Archery in Africa

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Archery in Africa

By David Rilley-Harris, Curator, DITSONG: National Museum of Military History (DNMMH)


Figure 1: One of the earliest depictions of warfare. A rock painting in Algeria showing warriors using hunting bows (Picture from the book Weapon).

Archery was developed so early in human prehistory that the concept of hunting with bows and arrows may have spread throughout the world along with the first migrations of our species. The earliest evidence of archery was found in South Africa. In northern KwaZulu-Natal, there is a sandstone rock shelter known as Sibudu Cave where the remains of stone and bone arrowheads from the Middle Stone Age have been dated to be between 60 000 and 72 000 years old. Warfare began as a competition for resources and the earliest weapons used in warfare were the instruments used for hunting and gathering those resources. Bows, spears, clubs, and axes were all used in warfare and versions of each weapon were also developed as specialised weapons of war. In most of sub-Saharan Africa, the arrowheads used against humans were the same larger and heavier arrowheads which had been developed for hunting larger game. 

While some parts of the world developed increasingly complex bows and arrows, other parts kept the weapons comparatively simple to build, almost disposable items. Areas with simpler bows and arrows included most of South America, parts of Oceania, and most of sub-Saharan Africa. In these areas, archers either relied on very long simple bows to increase arrow range and velocity or poisoned their arrows to increase their effectiveness. Where bows were more complex, range and velocity was enhanced with more complex bow shapes as with recurve bows, and the use of more than one bow material to increase bow elasticity (composite bows). Compound bows are modern bows which make use of added parts such as gears to increase bow power. Although they were weaker, simpler bows had a few advantages. They were easier and more affordable to construct or replace, they did not have to be carefully preserved, and they were easier to transport on long arduous hunting expeditions. The development of more complex bows and arrows was influenced by the need brought on by more intense experiences of war. Nonetheless, while simpler in form, bows and arrows from sub-Saharan Africa were widely present. The ancient Egyptians referred to the region outside their southern borders as Ta-Seti (Land of the Bow).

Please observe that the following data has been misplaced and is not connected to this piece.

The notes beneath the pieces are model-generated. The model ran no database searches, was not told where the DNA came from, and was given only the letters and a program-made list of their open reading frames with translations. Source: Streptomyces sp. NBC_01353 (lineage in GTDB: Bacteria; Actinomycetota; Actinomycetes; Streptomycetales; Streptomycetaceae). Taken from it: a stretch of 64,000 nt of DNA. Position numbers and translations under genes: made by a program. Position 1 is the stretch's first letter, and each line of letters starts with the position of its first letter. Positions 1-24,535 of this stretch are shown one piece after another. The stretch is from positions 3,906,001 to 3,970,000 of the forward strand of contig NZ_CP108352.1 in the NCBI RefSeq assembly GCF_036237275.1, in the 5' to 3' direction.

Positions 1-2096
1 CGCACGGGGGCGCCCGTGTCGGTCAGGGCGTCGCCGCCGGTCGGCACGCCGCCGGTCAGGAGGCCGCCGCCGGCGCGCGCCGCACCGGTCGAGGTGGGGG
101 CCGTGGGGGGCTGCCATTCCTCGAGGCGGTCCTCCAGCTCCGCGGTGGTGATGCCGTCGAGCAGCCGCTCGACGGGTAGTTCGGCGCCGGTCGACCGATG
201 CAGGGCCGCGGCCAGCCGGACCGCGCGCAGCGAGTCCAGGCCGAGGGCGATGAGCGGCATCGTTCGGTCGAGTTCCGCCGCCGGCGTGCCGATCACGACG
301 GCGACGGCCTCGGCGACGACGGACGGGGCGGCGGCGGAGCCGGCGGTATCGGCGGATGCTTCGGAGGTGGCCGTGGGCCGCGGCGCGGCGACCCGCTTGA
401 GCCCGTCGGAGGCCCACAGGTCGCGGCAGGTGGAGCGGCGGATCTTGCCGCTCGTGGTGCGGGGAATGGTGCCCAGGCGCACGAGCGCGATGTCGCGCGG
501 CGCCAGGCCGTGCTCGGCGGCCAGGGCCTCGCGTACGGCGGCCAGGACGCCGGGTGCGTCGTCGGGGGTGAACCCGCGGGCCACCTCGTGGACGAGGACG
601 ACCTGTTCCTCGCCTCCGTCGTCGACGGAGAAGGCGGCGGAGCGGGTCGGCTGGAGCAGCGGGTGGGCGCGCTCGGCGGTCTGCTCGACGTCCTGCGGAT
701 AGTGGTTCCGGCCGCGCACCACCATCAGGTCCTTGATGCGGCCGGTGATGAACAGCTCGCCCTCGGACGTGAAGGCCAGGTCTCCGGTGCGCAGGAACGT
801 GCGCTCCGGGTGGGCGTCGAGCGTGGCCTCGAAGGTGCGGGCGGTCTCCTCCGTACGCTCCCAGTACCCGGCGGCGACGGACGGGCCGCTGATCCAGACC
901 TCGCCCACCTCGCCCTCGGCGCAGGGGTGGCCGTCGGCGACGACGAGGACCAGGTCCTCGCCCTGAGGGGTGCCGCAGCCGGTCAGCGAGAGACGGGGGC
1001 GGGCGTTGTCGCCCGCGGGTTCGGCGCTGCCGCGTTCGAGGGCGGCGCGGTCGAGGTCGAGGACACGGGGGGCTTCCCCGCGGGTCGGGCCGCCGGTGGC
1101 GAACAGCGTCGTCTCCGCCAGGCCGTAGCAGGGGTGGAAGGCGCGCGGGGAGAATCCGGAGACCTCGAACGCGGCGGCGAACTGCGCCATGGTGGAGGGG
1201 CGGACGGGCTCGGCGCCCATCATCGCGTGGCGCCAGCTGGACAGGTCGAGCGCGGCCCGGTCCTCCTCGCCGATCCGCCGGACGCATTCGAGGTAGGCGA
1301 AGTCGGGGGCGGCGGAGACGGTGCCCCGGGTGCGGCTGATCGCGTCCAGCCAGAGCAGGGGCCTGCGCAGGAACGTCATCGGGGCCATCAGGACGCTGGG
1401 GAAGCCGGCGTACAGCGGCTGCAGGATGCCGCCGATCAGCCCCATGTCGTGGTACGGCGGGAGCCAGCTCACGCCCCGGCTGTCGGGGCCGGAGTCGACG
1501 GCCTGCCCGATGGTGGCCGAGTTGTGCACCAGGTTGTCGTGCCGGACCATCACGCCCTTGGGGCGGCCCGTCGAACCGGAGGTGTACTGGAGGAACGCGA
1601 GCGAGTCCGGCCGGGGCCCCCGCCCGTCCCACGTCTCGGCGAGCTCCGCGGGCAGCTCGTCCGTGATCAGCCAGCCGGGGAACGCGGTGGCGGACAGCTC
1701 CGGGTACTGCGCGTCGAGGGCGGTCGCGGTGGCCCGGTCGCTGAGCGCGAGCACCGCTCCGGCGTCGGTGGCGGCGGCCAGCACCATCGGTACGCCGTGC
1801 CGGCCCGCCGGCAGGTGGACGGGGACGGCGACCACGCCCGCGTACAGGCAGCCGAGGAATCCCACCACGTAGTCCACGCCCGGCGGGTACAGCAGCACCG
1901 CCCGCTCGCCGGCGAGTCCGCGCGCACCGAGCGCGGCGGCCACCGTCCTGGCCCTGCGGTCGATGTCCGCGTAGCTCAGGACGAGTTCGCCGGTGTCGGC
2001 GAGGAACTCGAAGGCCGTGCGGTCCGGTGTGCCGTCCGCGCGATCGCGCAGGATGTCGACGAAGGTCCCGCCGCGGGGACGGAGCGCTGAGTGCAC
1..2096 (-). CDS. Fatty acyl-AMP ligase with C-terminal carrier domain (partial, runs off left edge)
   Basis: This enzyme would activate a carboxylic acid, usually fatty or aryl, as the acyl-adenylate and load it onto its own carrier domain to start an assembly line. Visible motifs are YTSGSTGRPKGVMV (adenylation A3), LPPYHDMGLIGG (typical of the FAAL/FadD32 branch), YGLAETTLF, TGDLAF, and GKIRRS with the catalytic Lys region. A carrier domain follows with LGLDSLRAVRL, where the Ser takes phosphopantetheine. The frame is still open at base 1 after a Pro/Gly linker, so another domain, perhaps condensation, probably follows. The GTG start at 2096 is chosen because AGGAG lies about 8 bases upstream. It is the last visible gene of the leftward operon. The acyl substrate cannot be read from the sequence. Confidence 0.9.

Figure 2: Hazda archer, Tanzania.

Figure 3:  Maasia archer, Kenya (pictures from

Figure 4: Karo archer, Ethiopia (picture from Wikipedia). 

Figure 5: San archer, South Africa (picture from

Although firearms slowly came to make bows and arrows obsolete, they continued to be used in much of Africa throughout the twentieth century, and in a few examples, into the twenty-first century. In the early twentieth century archers from the former Land of the Bow (modern Sudan) were recorded to have repelled cavalry while firing arrows from a tight formation. These archers were said to make use of poison created by making a mixture of monkey entrails, snake venom, ulcer pus, and even menstrual fluid. In modern Kenya, poisons were made from scorpion venom and extracted from the strophanthus plant with the arrowheads being wrapped in leather or slotted backwards into the arrow shaft to retain the poison’s moisture and protect the archer. A little further south in northern Tanzania, there are still archers from a traditional hunter-gatherer people named the Hazda of which only a little over 1 000 remain. Similarly, the San people of southern Africa still use traditional bows as primary weapons. The San straightened their arrow shafts by sliding them slowly along the groove of a heated stone called a  !kui.